Venus Express: Final orbit manoeuvre complete

This note sent in by Jörg Fischer, Acting Venus Express Spacecraft Operations Manager at ESOC. Note that a full article will be posted in the main ESA website within a couple work days. – Ed.

I am happy to announce that VEX has successfully completed the last pericenter raising OCM (orbit correction manoeuvre) without problems.

Visualisation of Venus Express during the aerobraking manoeuvre, which will see the spacecraft orbiting Venus at an altitude of around 130 km from 18 June to 11 July. In the month before, the altitude will gradually be reduced from around 200 km to 130 km. If the spacecraft survives and fuel permits, the elevation of the orbit will be raised back up to approximately 450 km, allowing operations to continue for a further few months. Eventually, however, the spacecraft will plunge back into the atmosphere and the mission will end. ESA–C. Carreau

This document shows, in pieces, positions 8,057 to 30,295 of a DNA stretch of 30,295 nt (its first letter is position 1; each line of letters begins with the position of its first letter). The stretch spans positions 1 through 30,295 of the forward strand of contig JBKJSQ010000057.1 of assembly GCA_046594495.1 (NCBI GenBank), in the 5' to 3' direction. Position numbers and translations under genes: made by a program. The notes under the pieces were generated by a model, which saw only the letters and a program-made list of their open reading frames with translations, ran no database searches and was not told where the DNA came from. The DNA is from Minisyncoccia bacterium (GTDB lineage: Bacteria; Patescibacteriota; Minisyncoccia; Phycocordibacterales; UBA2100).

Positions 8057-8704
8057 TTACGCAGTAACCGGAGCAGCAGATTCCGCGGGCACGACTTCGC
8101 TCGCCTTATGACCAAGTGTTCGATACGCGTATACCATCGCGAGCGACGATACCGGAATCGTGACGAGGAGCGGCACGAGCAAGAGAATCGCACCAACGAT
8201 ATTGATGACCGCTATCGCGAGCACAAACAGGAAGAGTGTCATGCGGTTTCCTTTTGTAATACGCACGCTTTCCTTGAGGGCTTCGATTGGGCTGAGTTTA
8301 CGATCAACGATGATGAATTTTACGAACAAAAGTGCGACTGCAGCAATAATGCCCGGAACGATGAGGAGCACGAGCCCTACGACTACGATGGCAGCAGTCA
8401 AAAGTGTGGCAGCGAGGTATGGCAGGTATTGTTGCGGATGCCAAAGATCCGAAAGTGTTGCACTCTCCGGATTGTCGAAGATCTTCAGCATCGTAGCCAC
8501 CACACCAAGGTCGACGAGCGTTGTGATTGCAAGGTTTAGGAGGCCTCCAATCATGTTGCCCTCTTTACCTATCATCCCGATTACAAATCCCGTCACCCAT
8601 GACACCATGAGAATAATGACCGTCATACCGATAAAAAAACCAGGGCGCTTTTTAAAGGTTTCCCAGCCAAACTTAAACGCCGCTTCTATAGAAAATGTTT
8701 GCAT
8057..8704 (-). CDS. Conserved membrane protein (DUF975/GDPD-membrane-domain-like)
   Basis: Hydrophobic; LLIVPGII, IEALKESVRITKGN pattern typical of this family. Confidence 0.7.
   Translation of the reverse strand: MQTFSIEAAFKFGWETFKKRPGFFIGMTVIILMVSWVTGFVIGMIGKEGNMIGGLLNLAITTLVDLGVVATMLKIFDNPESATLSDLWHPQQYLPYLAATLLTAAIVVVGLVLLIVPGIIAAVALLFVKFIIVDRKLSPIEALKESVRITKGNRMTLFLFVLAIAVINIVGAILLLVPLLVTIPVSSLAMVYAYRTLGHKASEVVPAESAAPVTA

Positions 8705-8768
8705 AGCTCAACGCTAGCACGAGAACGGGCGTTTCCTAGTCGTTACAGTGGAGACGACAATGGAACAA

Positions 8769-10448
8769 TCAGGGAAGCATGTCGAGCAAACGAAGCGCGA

Visualisation of Venus Express during the aerobraking manoeuvre, which will see the spacecraft orbiting Venus at an altitude of around 130 km from 18 June to 11 July. ESA–C. Carreau

The final orbit will be announced later, but we achieved a roughly 460-km pericenter height and an about 63000-km apocenter height, with a new orbit duration of roughly 22h and 24 minutes.

Some facts on the OCMs:

  • Over the 15 OCMs, each thruster fired more than 8000 pulses and burned about 1.3 kilos of propellant (NTO and MMH) bringing the total consumption to around 5.2 kilos for the raising.
  • No degradation or signs of tank depletion was seen.
  • The spacecraft still seems to be in excellent shape.

Meanwhile, the entire team is busy working to to restart full science on this new orbit.

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